This is another re-post, from four-and-a-half years ago. But it seems decently apropos as we head into Lent. . .
I've been blogging here for [almost five years now, off and on], and I've told you several great stories from Jen's and my lives. In the course of [30+] years of marriage together, we've really come a long way, and I've enjoyed sharing with you all some of what we've learned over the years.
But we're not this wonderfully saintly couple living in a faint glow of unearthly light. We can be as petty and selfish as anybody else; probably the biggest thing we've learned over the years is how to repent and apologize sooner than we used to.
(I'm going to wander off on a parenthetical tangent for a moment here. I used to work for a company that forbade us to utter the word 'problem'; there were no 'problems', went the cliche, only 'opportunities', or at worst, 'challenges'. So our inside joke was, "Houston, we've got an opportunity. . .")
From the beginning years of our marriage, our most persistent, uh, 'challenge' has been what I call 'Dueling Selfishness', or, as Jen puts it, 'My Needs; No, My Needs'. For various reasons, I think we both grew up being fairly accustomed to getting our own way. Which meant that we were ripe for some real choice ego-clashes when we were married: "Of course, you can easily see that I need thus-and-such, so you should just step aside and let me have my way." "But, it's even more obvious that you should defer to my needs, isn't it?" And so it went.
Over time, we got tired of the endless circle of 'My needs; no, my needs', and started learning to deal constructively with the situation. Sometimes, it meant one or the other of us had to defer to the other; sometimes it meant finding an agreeable compromise. But the most fundamental change was to our attitudes.
The biblical epistle to the Romans tells us that we should strive to "Outdo one another in showing honor," and that was a real straightforward challenge to us. We had been outdoing one another in asserting our will, and here the apostle was urging us to outdo one another in looking after each other's good, rather than our own. And what a fundamental transformation that brought. Rather than trying to manipulate Jen so that I got what I wanted, I needed to simply look after her good; and likewise, she needed to look after mine before her own. And the result was that both our needs got met, without all the bickering and anxiety.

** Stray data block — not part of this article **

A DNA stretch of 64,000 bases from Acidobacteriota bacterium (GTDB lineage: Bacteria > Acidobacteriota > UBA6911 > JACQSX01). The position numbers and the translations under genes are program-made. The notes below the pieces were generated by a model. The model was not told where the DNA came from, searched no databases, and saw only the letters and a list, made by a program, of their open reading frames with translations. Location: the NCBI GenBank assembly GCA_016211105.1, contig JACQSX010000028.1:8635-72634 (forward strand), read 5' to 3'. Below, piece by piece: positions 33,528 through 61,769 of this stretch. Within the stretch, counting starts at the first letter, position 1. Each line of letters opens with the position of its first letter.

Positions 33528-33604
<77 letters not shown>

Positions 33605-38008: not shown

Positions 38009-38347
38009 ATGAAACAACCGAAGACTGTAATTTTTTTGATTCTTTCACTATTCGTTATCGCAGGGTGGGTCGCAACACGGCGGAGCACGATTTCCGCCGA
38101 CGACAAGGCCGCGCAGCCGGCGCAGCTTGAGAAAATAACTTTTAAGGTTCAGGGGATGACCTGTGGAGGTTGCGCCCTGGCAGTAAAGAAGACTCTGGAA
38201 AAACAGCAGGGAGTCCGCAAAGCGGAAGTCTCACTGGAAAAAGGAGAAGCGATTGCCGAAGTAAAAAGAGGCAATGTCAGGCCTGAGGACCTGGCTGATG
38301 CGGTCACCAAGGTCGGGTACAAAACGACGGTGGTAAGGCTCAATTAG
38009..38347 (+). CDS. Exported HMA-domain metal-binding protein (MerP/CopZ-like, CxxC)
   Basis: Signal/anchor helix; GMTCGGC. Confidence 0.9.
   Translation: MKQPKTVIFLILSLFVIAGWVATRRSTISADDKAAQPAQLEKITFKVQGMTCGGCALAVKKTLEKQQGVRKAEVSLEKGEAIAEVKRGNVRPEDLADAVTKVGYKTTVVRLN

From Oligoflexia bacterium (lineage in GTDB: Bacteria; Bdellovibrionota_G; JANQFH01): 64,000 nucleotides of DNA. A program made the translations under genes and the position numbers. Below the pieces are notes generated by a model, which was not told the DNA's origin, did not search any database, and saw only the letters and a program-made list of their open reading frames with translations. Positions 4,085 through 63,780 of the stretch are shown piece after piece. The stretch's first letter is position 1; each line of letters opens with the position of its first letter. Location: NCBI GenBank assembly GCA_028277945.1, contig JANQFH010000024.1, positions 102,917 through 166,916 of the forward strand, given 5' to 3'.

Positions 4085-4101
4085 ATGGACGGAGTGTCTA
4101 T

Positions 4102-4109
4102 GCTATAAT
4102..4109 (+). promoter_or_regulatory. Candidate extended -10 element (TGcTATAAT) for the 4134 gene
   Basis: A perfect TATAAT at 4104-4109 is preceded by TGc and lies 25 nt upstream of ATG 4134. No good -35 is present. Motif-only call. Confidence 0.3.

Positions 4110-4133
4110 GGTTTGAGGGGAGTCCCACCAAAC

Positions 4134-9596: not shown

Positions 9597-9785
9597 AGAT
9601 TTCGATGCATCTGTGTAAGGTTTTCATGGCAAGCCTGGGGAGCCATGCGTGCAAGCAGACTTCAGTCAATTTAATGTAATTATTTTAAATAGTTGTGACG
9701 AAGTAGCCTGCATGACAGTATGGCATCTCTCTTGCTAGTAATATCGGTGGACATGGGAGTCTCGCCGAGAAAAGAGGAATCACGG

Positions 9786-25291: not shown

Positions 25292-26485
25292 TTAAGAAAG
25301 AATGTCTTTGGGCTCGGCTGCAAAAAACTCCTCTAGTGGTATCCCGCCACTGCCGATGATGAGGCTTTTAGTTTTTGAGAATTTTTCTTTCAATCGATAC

Of course, this entails a pretty significant 'leap of faith' - that, if I give up worrying about my own needs being met so as to look after Jen's, my needs will indeed be covered. And likewise for her. I honestly don't remember if one of us 'went first', hoping the other would 'catch on', or if it was something we worked out together, but in the fullness of time, the magic worked.
Someone has said that marriage is not a 50/50 proposition, it's a 100/100 proposition. That is, it's not about me giving half and Jen giving half; it's about both of us giving all we have - my life for hers, her life for mine. And it's not about 'keeping score' of who's putting in more or less than the other. We both just 'go all-in'.
And of course, we've learned this perfectly, and our marriage is a smoothly-running machine, all the time. . .
Well. . . no - not really.
. . .
The thing is, the 100/100 marriage takes a LOT of trust between spouses, and when trust is damaged, it isn't instantly built back up [human beings being what we are]. The hurtful stuff doesn't just dissolve when the apology is made and accepted; it leaves psychic wounds behind that take some time to heal. But we're building some 'good history' with each other, and establishing a firm base of trust which we can stand on, even when some peripheral chunk of trust is damaged. Because we've got many years' worth of experience now that the other is looking out for our good, it's easier to treat specific instances of selfishness as aberrations.
So it's worth me telling you that we aren't this perfect couple with a perfect marriage - I'm as selfish as anyone else, and I can be as petty and pissy as anyone else. But, by God's grace, we've learned how to be married in some good and life-giving ways.
And may God have mercy. . .